Last Updated on February 23, 2022 by Anastasios Antoniadis
OpenSea is being sued by a man who unknowingly sold his Bored Ape NFT for a pittance. He claims that OpenSea knew of a flaw in their platform that allowed hackers access to unlisted NFTs at a fraction of the market price.
Timothy McKimmy claimed in a complaint that although he did not list his Bored Ape #3475 up for sale, a hacker bought it for.01ETH ($26) and then turned around to sell it for 99ETH ($250,000 at current market prices).
McKimmy stated in the lawsuit that the Ape is one 10,000-only Bored Ape Yacht Club primate non-foster primates and was supposedly valued at the top 14th percentile. It's much rarer than the Justin Bieber-purchased one for $1.3million. He is now seeking the “return of the Bored Ape… or damages exceeding $1 million.” “
He also claims that OpenSea knew of the widely reported by media outlets bug but refused to stop trading. The complaint stated that OpenSea did not shut down its platform to fix these security problems. Instead, Defendant continued operating.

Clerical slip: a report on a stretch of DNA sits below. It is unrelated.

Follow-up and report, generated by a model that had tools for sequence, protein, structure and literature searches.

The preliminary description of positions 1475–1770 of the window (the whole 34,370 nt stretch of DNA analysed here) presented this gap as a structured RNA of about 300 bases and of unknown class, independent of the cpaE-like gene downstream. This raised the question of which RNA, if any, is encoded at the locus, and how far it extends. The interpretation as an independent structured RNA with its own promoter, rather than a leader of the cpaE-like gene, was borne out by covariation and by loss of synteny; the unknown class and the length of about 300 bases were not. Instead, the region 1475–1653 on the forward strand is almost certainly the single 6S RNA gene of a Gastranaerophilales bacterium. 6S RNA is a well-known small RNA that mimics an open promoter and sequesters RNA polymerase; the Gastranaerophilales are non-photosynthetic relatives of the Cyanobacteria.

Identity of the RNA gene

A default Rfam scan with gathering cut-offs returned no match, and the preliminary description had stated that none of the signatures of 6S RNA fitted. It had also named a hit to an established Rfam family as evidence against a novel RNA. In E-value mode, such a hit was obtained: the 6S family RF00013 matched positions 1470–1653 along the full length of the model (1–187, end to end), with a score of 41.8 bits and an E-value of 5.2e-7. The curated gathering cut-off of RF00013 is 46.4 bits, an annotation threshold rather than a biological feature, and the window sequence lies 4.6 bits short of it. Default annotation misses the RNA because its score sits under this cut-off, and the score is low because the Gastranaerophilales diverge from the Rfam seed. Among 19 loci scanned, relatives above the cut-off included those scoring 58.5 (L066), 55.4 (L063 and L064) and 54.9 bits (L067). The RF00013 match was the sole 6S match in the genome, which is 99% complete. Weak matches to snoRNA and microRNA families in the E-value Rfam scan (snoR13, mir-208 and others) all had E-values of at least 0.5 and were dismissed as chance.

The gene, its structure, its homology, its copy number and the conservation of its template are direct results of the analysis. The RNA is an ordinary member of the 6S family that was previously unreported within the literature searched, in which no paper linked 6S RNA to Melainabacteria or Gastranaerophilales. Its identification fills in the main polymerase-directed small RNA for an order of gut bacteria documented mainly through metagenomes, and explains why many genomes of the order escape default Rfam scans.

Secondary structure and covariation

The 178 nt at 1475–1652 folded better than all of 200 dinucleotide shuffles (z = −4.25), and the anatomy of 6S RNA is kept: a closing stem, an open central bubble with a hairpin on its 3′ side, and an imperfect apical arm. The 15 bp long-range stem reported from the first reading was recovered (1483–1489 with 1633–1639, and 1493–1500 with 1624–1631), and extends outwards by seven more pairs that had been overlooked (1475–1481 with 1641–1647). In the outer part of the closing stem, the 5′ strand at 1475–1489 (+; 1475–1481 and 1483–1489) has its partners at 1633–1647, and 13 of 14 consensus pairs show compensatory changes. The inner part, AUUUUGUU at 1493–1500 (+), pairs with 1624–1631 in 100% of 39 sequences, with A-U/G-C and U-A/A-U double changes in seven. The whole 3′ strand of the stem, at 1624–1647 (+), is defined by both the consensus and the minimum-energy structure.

McKimmy was one of many victims of OpenSea's “inactive listing” exploit that saw users lose as much as $1.8 million in NFTs. According to decrypt, OpenSea reportedly approached victims to settle and offered them a lower value than what their NFT might be worth.
OpenSea may face lawsuits of similar nature over the hack of the inactive listing. A law firm is reportedly seeking complaints from other OpenSea users. OpenSea is also facing another phishing campaign that led to the theft of NFTs. However, OpenSea claims that this did not arise from any platform vulnerability.